Ha! More fool us. I recently listened to Rock Goddess’s self-titled 1983 debut album for the first time in years, I was amazed to discover that’s it’s a fabulous record, full of catchy, compulsive, classically British rock songs and blessed with Jody’s raucous, high-powered vocal delivery.
But let’s backtrack to that 1981 Sounds cover story for a moment. By now, the girls had already been dabbling in rock music for several years, and were aged 18, 18 and 14 – that’s Jody, bassist Tracy Lamb and Julie respectively. Despite their tender ages, Rock Goddess had already set out their stall: they were out to give their all-female rockin’ peers Girlschool one hell of a run for their popularity.
Rock Goddess got their first serious break through a label called Girlfriend Records. The band were spotted at one of their earliest gigs and were promptly enlisted to provide a track (Make My Night) for an all-women compilation album called Making Waves. Out of the record was born a tour, and thus the Goddesses found themselves taking the boards with a weird and wonderful band called The Androids Of Mu (featuring a friend of theirs, Karine, on vocals) and the no-nonsense, pop-based Gymslips.
Sounds caught up with the tour when it arrived, weirdly, at a reggae venue called the Caribbean Club in Oxford. Here, the aforementioned John Turner – father of Jody and Julie – was quick to regale writer Robbi Millar with stories of how “the band were mobbed at Camberley, they really were. It was just like those concerts with the little girls screaming at the band… only it was little boys this time and they went nuts for Rock Goddess, especially Julie”.
That long-ago Oxford show sounds like a stormer. ‘No one can deny that these girls mean business,’ wrote the lovely Ms Millar. ‘Rock Goddess tackle each song, each riff, each axe attack with cool, powerful precision.’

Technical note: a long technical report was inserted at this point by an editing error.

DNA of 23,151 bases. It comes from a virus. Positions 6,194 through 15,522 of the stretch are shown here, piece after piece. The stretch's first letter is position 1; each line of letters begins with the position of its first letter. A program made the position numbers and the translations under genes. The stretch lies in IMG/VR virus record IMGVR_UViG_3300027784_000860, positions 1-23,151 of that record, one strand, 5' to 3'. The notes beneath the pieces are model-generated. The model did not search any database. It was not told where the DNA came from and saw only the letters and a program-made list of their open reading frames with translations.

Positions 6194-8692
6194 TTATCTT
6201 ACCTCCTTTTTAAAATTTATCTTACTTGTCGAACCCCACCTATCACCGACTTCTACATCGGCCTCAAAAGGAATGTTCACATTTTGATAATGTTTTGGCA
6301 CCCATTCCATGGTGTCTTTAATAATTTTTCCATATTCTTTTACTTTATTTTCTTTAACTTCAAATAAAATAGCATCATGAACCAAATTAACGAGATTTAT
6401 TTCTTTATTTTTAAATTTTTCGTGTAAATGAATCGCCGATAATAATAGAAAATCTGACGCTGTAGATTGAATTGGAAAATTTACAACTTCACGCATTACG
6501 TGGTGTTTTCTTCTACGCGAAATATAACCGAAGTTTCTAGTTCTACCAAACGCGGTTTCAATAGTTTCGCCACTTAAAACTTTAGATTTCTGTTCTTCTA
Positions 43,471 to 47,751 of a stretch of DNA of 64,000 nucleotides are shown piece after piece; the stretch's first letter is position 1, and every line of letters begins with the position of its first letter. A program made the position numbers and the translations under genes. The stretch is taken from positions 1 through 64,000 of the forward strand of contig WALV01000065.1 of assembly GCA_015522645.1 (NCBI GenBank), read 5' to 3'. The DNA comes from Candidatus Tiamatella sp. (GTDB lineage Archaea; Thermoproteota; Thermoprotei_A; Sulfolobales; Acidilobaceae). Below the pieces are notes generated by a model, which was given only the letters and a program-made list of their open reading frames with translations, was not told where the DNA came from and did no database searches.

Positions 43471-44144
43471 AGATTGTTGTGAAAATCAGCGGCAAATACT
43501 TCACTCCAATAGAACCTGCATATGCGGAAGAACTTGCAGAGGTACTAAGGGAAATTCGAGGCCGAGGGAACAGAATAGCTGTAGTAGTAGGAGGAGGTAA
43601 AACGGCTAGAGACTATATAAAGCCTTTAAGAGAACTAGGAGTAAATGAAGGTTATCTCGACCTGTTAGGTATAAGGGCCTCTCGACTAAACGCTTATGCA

Millar continued: ‘Jody Turner’s vocals are sweet, savage and gutter rich, but the real star in minuscule drummer Julie. Technically straightforward, physically unyielding, she batters around her double bass-drum kit like a herd of enraged elephants.’
It all happened pretty fast after that. Producer Vic Maile (of Motörhead/Girlschool fame) got interested and produced a four-track demo tape. On the strength of a performance at the 1982 Reading Festival, A&M Records signed the girls. Their first single was the preposterously titled Heavy Metal Rock’N’Roll in 1982, and they followed it up with the My Angel 45 and their debut album, a year later.
(It’s amazing to recall that Rock Goddess were forced to cancel a tour with UFO around the release of their debut single, because drummer Julie still had to go to school. According to the law she was only allowed to play six gigs in a row – and the UFO tour lasted for eight consecutive days.)
Whatever, the girls’ first album has stood the test of time extremely well. It was originally going to be titled The Goddessa File after the headline in their first Sounds feature, but the rather more prosaic Rock Goddess was eventually chosen.
Two more albums followed – Hell Hath No Fury (1983) and Young And Free (1987) – before Jody Turner took off on a solo career. Apparently there was a short-lived Rock Goddess reunion in the mid 90s, but I must’ve missed it. The girls threatened to get back together for last year’s Hard Rock Hell festival but for some reason it never happened.
Sheesh – why aren’t Rock Goddess more appreciated these days?
To revive an age-old pun (and to quote Toyah Willcox): it’s a myth-tery.